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democratic voters, particularly the younger voters who turned out in huge numbers for the president in 2008, they were less likely to go vote. but if the president succeeds in getting them energized, helping them to understand the stakes, then the democrats have a much better chance of holding on to the house in november. >> cynthia tucker, thanks so much. and coming up at the half hour, president obama will talk about the economy in virginia. again, we said that before, wrapping up his four-state tour. all of this, of course, try to rally the base ahead of the elections. still ahead, a major, major mishap on live television. australia's "next top model" is announced and then -- >> i'm so sorry. it's amanda. i'm so sorry. >> was this a model mix-up for real? or was it all a stunt? we'll talk about that. and it could be a plot from one of his movies, but james cameron is on a real-life environmental mission. the hollywood director joins us live. i'm coming to take over the world,
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> trust me on this one, live tv can get pretty crazy. there's just so many moving parts. usually, the chaos is confined here to the control room. however, however, that certainly was not the case in the live finale of australia's "top model." you have got to see this. watch what happens after the host announces the winner. >> oh, my god. i don't know what to say right now. i'm feeling a bit sick about this. no.
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i'm so sorry about this. oh, my god. i don't know what to say. this is not -- this was a complete accident. i'm so sorry. it's amanda. i'm so sorry. it was read to me wrong. >> that's all right. it's okay. >> oh, god. >> it's okay. >> this is what happens when you have live tv, folks. i'm so sorry. >> it's okay. >> this is insane. >> wow. okay. let's bring in ashley pearson from london express newspapers. ashley, that's probably like the fifth time i've seen that today. and i can't believe it. i can't believe what it must have been like for those two women who i presume that it's like "america's top model," they've gone through weeks and weeks and weeks and weeks. what do we know about what happened here? >> well, i love the fact that "american idol" host ryan seacrest tweeted that what happened is his absolute worst nightmare of anything that could ever happen on stage.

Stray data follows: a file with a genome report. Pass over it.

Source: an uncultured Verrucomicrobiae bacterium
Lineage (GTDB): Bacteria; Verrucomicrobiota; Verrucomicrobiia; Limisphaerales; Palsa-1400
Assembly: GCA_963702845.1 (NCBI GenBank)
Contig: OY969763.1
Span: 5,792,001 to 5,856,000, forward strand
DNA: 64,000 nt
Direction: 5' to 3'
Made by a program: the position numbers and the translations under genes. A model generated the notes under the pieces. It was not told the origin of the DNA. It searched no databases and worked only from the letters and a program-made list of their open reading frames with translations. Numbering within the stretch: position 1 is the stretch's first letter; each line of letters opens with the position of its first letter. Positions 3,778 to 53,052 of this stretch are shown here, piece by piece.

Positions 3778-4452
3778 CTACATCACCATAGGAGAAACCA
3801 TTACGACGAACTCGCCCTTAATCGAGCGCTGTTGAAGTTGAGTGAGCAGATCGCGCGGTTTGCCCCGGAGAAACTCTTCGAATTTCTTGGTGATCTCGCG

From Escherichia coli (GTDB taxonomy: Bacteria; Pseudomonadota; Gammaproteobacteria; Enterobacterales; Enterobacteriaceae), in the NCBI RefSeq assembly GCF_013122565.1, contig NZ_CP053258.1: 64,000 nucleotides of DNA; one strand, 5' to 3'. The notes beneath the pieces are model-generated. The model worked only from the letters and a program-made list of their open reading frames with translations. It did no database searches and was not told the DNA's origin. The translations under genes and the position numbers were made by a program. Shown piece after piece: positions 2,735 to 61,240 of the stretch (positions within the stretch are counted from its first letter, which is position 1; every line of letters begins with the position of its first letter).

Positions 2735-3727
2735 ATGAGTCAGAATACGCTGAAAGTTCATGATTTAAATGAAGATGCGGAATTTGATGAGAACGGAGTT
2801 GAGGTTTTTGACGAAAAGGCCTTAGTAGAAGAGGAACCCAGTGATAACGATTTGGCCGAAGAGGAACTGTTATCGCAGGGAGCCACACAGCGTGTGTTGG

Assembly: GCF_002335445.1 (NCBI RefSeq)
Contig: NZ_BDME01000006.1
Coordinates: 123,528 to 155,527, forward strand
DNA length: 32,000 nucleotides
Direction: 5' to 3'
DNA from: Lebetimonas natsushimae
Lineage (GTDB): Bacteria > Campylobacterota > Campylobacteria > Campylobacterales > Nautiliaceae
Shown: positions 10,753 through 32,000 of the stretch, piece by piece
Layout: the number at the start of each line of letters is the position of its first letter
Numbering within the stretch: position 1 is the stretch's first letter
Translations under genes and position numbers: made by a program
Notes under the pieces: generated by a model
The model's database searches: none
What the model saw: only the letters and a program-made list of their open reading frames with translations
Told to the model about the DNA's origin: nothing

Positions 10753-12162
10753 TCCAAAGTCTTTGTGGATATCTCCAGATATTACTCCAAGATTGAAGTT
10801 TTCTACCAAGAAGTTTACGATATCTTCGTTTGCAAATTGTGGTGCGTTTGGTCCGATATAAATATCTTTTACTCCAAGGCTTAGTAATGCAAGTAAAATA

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you know, what do we know? what we see is just absolutely appalling. what's being speculated upon today is whether or not the host there, sara murdoch, was in on it, whether it was some kind of a publicity stunt. everybody is talking about this program today. >> yeah. and obviously we wouldn't be showing this if it wasn't for the fact that this gaffe happened. we're talking about the host being of the murdoch family, correct? >> yeah, absolutely. she is married to rupert's son, lacklan. what's interesting, her explanation for this is that actually she heard -- her ear piece went dead. she had no communication with the control room whatsoever when she was supposed to announce the winner, so she went with the most recent information she had been given, which was that kelsey was the winner over amanda. amanda is the one in the red dress who was the actual winner. let me ask you this.